The House of the Trees
& Other Poems


by Ethelwyn Wetherald



 

Unspoken



MY lover comes down the long leafy street
    Through tenderly falling rain;
His footsteps near our portal veer,
    Go past—then turn again.

O can it be he is knocking below,
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    Or here at my door above?
So gentle and small it sounds in the hall,
    So loud in the ear of love.

But never a word of love he has said,
    And never a word crave I,
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For why should one long for the daylight strong
    When the dawn is in the sky?

O a dewy rose-garden is the house,
    A garden shut from the sun;
The breath of it sweet floats up, as my feet
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    Float down to my waiting one.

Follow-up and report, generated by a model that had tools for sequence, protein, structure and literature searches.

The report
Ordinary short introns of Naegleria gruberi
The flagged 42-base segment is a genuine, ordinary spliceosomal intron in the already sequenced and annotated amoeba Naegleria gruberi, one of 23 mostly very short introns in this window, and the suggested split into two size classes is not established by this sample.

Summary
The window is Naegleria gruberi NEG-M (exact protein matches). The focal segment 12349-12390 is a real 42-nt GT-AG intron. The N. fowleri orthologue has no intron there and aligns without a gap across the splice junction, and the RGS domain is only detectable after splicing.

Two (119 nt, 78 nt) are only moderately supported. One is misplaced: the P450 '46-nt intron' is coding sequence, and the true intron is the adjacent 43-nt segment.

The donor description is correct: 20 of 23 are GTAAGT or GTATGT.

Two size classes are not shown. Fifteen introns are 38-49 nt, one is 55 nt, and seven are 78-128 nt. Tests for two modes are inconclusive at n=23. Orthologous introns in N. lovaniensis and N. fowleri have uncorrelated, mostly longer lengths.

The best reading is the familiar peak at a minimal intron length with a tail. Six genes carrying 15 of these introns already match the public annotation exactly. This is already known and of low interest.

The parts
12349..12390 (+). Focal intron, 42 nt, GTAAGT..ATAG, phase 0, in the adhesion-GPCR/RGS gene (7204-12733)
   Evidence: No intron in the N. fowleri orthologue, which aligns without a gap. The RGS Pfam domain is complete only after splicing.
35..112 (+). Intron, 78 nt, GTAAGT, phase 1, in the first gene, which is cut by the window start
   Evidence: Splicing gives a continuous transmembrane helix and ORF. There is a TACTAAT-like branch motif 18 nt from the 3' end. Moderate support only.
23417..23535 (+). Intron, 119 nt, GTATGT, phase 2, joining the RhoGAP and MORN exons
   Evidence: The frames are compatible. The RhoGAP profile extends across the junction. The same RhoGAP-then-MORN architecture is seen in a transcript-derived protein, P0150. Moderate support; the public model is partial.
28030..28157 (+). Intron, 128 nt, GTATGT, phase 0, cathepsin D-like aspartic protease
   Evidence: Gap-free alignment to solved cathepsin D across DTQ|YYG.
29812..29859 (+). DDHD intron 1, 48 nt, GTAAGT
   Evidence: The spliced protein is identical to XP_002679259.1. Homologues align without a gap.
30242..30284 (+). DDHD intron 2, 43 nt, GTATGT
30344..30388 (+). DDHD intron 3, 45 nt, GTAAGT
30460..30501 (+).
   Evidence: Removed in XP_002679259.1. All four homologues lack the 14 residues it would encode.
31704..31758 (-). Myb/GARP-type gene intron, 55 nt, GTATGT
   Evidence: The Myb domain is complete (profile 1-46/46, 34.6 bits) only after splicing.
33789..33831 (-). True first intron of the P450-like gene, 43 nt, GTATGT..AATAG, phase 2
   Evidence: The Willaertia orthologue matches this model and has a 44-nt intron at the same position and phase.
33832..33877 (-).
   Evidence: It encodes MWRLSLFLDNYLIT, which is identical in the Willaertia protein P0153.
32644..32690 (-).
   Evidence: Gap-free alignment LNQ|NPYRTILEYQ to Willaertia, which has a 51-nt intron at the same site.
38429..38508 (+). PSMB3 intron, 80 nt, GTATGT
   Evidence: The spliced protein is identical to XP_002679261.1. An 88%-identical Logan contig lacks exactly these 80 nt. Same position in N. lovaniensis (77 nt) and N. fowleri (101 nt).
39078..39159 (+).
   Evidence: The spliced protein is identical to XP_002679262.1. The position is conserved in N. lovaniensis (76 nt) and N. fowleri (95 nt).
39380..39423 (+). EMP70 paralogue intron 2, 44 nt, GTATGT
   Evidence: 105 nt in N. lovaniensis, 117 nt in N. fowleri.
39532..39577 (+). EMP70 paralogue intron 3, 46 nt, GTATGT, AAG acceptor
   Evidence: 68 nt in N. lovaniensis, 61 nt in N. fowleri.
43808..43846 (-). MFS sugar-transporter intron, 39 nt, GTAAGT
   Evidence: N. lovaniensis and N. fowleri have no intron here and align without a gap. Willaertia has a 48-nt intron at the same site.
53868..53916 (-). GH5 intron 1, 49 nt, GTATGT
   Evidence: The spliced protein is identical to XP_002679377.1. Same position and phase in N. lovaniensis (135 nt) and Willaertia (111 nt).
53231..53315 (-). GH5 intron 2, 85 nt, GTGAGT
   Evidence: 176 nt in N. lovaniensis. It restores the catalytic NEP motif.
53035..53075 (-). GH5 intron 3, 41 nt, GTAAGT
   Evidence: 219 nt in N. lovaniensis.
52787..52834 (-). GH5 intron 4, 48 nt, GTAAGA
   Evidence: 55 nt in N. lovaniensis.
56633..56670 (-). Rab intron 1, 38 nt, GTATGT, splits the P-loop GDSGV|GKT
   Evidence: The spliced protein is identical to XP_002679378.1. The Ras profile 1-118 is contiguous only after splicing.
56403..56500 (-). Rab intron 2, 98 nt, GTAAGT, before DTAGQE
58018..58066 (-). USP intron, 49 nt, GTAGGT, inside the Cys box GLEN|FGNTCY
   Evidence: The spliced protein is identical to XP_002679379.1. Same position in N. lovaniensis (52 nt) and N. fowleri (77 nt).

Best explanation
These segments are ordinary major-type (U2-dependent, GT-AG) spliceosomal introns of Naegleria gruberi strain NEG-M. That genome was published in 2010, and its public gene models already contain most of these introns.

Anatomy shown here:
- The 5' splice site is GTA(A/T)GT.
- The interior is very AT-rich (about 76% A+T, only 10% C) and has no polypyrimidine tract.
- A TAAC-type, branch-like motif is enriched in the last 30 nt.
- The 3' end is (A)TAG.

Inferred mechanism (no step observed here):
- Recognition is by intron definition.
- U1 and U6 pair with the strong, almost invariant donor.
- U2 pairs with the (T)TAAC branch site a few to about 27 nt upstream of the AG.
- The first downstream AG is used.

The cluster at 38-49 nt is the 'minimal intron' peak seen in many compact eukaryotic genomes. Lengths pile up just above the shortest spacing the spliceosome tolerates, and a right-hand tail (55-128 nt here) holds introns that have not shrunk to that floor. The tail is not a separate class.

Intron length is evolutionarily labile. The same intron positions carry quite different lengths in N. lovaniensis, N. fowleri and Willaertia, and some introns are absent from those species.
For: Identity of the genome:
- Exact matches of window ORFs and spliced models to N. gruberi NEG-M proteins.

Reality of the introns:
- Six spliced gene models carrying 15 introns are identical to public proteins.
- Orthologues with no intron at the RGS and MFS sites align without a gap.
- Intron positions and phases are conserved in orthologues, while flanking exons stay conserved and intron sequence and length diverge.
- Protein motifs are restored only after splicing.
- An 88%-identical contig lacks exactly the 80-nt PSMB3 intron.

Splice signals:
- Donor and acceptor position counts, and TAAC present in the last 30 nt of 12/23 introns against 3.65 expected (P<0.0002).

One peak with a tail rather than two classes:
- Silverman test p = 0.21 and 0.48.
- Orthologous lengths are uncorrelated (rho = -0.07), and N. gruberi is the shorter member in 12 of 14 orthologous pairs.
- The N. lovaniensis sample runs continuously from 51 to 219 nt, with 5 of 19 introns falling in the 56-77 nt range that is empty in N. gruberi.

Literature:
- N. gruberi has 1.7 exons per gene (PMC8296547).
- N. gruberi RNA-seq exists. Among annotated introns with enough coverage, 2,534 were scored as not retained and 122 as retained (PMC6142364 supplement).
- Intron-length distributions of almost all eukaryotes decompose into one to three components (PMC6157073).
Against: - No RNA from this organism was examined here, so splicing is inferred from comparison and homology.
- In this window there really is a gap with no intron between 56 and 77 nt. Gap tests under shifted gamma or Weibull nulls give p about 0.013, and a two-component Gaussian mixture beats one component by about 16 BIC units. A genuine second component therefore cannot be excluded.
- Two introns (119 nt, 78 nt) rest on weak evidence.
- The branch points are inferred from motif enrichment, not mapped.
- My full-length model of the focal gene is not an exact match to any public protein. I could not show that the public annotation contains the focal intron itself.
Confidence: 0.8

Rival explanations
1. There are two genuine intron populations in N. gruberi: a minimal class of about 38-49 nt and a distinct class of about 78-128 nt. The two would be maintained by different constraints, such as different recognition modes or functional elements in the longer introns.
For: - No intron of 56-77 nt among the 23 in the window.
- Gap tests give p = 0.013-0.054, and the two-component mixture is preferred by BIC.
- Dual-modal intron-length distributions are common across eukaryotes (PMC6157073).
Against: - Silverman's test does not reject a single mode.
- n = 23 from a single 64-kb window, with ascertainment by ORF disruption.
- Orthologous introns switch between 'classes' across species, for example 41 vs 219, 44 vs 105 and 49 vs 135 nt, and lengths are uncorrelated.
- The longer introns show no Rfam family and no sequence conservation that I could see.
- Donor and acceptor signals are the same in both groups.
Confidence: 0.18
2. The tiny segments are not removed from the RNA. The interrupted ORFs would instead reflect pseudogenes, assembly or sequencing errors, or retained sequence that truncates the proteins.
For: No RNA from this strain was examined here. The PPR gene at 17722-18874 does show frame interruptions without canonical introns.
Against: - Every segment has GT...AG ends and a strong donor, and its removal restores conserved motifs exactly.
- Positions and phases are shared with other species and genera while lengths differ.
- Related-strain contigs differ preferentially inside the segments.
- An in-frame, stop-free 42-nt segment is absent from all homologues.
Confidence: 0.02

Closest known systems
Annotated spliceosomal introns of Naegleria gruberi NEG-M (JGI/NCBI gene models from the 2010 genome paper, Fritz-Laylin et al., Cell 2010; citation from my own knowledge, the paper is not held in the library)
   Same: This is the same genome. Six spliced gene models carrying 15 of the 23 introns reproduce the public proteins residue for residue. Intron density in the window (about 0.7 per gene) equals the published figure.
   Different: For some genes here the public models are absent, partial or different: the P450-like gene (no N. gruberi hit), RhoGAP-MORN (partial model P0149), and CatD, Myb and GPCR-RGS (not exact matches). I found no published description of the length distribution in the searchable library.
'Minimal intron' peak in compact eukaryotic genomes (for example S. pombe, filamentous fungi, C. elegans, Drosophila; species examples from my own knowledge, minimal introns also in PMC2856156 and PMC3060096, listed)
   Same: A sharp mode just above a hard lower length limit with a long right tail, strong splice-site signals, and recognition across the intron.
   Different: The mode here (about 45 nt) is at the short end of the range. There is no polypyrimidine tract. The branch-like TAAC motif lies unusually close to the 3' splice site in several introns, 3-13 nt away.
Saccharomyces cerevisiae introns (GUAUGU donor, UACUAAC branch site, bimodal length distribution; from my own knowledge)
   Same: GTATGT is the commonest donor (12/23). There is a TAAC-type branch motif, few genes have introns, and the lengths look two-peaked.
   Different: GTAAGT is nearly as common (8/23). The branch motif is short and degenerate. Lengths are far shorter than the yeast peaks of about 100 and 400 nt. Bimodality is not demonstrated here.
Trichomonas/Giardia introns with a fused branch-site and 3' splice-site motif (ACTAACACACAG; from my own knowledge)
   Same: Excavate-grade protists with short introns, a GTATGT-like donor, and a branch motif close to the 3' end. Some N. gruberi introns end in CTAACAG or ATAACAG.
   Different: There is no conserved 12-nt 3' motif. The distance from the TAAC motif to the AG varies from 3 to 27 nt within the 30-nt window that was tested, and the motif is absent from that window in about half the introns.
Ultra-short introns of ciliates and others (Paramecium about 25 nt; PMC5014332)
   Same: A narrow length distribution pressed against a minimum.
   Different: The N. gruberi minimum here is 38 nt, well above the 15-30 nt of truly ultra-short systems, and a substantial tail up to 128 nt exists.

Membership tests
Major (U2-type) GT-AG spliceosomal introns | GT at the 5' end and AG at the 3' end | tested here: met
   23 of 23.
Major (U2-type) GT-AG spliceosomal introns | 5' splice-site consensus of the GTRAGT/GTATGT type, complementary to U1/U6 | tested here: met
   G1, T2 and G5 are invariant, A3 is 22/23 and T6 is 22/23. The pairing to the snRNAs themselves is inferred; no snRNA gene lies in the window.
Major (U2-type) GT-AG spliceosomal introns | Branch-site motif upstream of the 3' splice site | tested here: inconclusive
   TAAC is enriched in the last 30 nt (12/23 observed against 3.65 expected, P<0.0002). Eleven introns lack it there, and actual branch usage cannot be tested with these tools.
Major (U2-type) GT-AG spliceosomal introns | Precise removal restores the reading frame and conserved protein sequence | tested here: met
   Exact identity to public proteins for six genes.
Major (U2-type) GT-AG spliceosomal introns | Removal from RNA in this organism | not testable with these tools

But if ever a word of love thinks he,
    It falls from his heart still-born; [Page 80]
Who bends to the rose does not haste to close
    His hand around bud and thorn.
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The beautiful soul that is in him turns
    His beautiful face a gleam;
My own soul flies to feast in his eyes,
    Where the silent love-words teem.

Our talk is of books, and of thoughts and moods,
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    Of the wild flowers in the rain;
And he leans his cheek, when we do not speak,
    On his chair where my hand had lain.

Yet never a word of love does he say,
    And never a word crave I;
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For the faint green May would wither away
    At the quick touch of July.

And at last—at last we look our last,
    And the dim day grows more dim;
But his eyes still shine in these eyes of mine,
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    And my soul goes forth with him. [Page 81]

For though not a word of love does he say,
    Still never a word crave I;
For the words of earth are of little worth
    When a song drops out of the sky. [Page 82]
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